Dynamic retinoscopy is a good option to measure accommodative amplitude in lieu of the subjective push-up technique, a study in Optometry and Vision Science suggests.

Researchers from Texas compared measurements of open-field autorefraction and modified dynamic retinoscopy for accommodative amplitude and found the agreement between them was less than two diopters with no systematic bias.

The study measured accommodation using two objective techniques on 95 patients. Investigators measured monocular accommodative amplitude with subjects viewing printed letters 0.9mm in height with their dominant eye and distance refraction. For the retinoscopy, subjects held a near rod and viewed the target at the closest point of clear vision. The examiners then performed dynamic retinoscopy along the horizontal meridian and identified the physical location of neutrality of the reflex, which was converted to accommodative amplitude in diopters.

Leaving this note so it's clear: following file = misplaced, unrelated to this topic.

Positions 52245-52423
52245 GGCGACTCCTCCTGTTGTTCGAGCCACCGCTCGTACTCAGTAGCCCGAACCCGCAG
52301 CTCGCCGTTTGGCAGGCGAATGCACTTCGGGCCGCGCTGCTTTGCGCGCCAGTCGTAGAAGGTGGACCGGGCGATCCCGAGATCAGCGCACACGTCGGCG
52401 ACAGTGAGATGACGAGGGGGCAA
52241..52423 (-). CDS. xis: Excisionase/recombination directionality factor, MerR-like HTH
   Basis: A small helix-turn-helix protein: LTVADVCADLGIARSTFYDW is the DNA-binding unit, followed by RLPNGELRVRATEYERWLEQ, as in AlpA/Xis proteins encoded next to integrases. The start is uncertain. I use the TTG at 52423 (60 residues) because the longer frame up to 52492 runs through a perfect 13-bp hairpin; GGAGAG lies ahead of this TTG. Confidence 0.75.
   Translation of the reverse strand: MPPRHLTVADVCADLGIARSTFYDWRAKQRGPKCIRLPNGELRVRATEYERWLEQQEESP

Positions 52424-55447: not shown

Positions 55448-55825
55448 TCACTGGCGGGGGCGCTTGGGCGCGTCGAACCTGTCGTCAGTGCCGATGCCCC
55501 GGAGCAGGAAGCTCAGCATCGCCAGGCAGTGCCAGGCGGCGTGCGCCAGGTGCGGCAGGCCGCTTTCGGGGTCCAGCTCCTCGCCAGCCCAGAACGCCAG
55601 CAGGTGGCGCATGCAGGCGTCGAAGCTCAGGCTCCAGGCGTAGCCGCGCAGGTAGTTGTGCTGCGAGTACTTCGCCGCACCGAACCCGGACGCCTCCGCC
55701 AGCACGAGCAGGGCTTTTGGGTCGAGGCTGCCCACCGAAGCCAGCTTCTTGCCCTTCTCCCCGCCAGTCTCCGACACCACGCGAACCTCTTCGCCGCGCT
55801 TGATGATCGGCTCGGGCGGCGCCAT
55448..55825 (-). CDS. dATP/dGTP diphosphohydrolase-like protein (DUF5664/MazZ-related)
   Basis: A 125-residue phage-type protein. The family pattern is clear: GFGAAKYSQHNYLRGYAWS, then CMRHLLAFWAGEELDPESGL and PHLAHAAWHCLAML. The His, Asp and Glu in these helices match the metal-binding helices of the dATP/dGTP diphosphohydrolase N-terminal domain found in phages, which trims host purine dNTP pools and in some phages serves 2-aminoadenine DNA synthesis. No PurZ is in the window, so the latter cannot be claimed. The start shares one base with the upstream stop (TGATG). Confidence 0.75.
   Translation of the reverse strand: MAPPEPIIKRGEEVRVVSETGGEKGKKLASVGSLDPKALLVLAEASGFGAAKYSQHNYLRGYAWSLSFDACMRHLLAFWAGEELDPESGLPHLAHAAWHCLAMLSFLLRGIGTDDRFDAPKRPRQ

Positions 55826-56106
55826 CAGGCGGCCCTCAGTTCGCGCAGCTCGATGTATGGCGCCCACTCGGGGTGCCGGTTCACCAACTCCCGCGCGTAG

The researchers performed autorefraction and obtained repeated measures beginning from a target demand of 2.5D and increasing in discrete steps until there was no subsequent increase in accommodative response. Investigators also measured distance over-refractions for both techniques to adjust accommodative amplitude for any uncorrected refractive error.

The study reported the overall difference was 0.02 ± 0.97D, with limits of agreement spanning -1.87D to 1.92D. Additionally, the investigators observed no significant linear relationship between the magnitude of the accommodative amplitude and the differences between techniques.

Aboumourad R, Anderson HA. Comparison of dynamic retinoscopy and autorefraction for measurement of accommodative amplitude. Optom Vis Sci. 2019;96(9):670-7.